Adaptability is the key to your dogs success
Survival of the fittest means being the most able to cope and succeed in the environment it finds itself in. Every day I see resilience in the animals at the Humane Society of the South Platte Valley where I work. Most have been either displaced from their environment after being relinquished, found or basically captured and moved into the shelter. After the first two days something happens in these animals. They start thinking and moving forward. Dogs in particular and incredible at moving forward. They quickly realize that people are the key to their livelihood and not only do they accept the staff and volunteers but they actually for lack of a better word, fall in love with them. There is a clear gratitude and appreciation when they are pet, fed and taken out for walks. These dog’s bodies wiggle in anticipation and they radiate joy with ever single interaction.
These shelter dogs could teach most owned pet dogs a thing or two about strangers. I help people every week with their dog’s who don’t tolerate changes to their environment like new neighbors, people coming in the house (to visit), or a new baby being born.
When we as trainers encourage socializing dogs at an early age we are trying to create more resilience in dogs ability to perceive change and cope with stress and neophobia (fear of new people, places and things). Animals rely on this stress reaction which feeds a defensive drive to keep them alive. If we able to convince our dogs they are safe and secure in a multitude of different environments they will be more suited for changes and shifts in their environment over time.
Habits are created by dogs the more they perform motor pattern behavior but these habitual behaviors often rely on environmental cues to be triggered into action. The trouble is pet dog owner’s tend to think of behavior more as personality traits than conditioned responses based on past successes and failures. I hear things like “he is stubborn” or “she’s an alpha” sorry our dog is a “jerk”. These social constructs are used to justify and explain behavior as it is perceived by the owner but it only hurts your chances of helping your dog. If you internalize the behavior by saying, “my dog doesn’t like dogs because he is dominant” you take everything from your dog and discredit the most important aspect of the behavior. YOU HAVE SIGNIFICANT INFLUENCE ON YOUR DOGS BEHAVIOR. Did I make that clear enough?
All behavior is conditional, meaning if the conditions of the environment were to change, the behavior itself would change. If your dog barks at every dog it see’s you can influence a lot of the environmental cues to help your dog learn what you want him to do when he see’s dogs. If your dog reacts to the sound of dogs walking past your home, decrease his access to the front of the house or decrease the ability to hear it with audio sound in your home (radio, tv, sound cubes, white noise). If your dog reacts when he see’s dogs… well it’s not that simple. Observe if he reacts at 10 feet, 20, 30 feet away from the other dog? Does he react at the same distance if he is in a new park versus in your front yard? Probably not, figure out what your dog can tolerate. Then you can build a positive association working just at the boundary of what he can tolerate.
Don’t subscribe labels to you dog’s behavior because it will keep you powerless and thinking you can’t change it for the better. Dog love to please us if we have a strong relationship. Don’t be stingy. If your dog does something great or surprising tell him how wonderful he is with your voice, pet and if needed high value food rewards. If you dog hates the sight of dogs, try giving him hot dogs when he see’s dogs from 30 feet away. I bet he starts to pay attention to you when you are out on your walks.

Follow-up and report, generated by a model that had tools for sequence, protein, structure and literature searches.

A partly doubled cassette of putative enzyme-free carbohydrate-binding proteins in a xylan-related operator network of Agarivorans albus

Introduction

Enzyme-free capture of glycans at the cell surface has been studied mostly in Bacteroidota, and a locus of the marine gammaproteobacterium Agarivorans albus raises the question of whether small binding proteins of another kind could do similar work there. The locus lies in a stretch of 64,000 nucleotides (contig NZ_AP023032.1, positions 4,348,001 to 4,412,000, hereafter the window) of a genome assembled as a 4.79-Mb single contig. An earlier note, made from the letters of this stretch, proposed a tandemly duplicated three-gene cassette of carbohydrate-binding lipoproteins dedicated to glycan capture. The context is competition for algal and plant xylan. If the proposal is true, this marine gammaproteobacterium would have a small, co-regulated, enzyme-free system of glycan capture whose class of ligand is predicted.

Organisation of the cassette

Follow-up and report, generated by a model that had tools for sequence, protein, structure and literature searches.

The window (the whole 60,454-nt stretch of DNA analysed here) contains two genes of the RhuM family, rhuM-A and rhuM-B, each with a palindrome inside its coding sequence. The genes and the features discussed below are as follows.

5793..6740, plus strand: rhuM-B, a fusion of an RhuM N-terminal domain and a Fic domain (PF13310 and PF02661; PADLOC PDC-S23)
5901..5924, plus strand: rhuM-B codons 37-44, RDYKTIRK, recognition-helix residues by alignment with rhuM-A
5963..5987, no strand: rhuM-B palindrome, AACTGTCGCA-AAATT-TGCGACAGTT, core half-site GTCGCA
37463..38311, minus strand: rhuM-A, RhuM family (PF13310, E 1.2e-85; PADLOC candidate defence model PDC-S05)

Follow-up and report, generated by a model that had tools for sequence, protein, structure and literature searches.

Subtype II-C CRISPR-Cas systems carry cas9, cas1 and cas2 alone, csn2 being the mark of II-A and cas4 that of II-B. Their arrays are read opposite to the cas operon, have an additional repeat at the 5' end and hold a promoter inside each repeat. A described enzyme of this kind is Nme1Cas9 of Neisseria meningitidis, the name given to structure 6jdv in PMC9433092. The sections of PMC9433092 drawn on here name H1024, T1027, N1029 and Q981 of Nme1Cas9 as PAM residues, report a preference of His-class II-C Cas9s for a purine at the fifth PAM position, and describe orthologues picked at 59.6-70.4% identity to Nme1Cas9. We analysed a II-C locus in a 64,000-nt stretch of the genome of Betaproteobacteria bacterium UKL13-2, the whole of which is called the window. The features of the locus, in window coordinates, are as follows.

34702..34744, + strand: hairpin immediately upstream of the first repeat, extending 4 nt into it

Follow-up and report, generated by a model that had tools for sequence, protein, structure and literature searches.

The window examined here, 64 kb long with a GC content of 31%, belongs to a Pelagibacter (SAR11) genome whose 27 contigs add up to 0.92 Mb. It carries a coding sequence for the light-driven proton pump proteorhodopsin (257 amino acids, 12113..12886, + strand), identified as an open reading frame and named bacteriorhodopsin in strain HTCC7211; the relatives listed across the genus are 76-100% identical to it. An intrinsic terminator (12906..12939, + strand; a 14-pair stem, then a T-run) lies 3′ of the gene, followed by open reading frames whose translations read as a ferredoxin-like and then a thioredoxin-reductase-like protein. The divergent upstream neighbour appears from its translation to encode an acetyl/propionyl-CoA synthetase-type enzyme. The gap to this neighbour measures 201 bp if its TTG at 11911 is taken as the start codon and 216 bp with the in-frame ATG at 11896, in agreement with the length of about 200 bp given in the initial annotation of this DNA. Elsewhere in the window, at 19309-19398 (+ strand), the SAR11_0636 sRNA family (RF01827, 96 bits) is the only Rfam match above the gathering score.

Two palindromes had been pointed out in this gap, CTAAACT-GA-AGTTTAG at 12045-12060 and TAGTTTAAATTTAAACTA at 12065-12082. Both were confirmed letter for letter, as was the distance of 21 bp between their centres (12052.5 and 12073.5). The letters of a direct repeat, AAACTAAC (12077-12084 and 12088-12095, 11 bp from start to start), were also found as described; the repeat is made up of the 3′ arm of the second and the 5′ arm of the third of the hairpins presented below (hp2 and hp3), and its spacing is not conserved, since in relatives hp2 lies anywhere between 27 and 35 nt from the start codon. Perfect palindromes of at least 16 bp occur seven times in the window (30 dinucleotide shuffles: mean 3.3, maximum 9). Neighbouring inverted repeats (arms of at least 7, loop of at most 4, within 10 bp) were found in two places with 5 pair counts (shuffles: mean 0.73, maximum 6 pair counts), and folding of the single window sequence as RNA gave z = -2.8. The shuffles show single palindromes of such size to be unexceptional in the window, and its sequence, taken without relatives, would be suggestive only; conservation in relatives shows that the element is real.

You can also train through play. Play releases bonding hormones and naturally increases your desire to work through cooperation. Free play can help with problem solving, release of energy, develop strategies, regulate arousal. Stop thinking of the dog daycare or dog park as play for your dog. That’s more like taking your dog to the bar, he is more likely to get into a fight or fixate or trying to mate than build good habits that will help you train your dog. If you dog is obsessed with dogs on your walks, stop going to group play environments, it is hurting your relationship with your dog. GO PLAY WITH YOU DOG! Find an activity you can do together. Cooperative play is the way.
Dogs are social creatures. Although they are canids by species today’s modern dog is more a part of the human pack than the dog community. If your dog gets to play with a TRUSTED dog friend who they see regularly they get positive social connection not meaningless. Socializing your dog with a group of stranger dog’s creates stress and defense drive. Friendships come when dogs feel they can raise the energy and relax together. They need to be able to regulate the stimulation. The worst form of play is what people seem to think dogs need today which is “stranger pack play” or going to a dog park or dog daycare and hoping this will make our dogs more social and easier to manage. The truth is the opposite. If you take your dog on a regular basis to this form of play environment they will have a harder time regulating stress hormones, feeling safe, making dog friends and they will lose the most important aspect of the human-animal bond which is playing with their owner. The more you take your dogs to these play environments the less likely you are to participate in play with your dog. Sadly you will sacrifice the most authentic part of the human-canine bond for these artificial experiences with good intentions and bad results.
Your dog is a resilient, sensitive animal who is capable of change. Are you? Go out and work with your dog. Dedicate a few focused minutes every day to something that will bring you closer.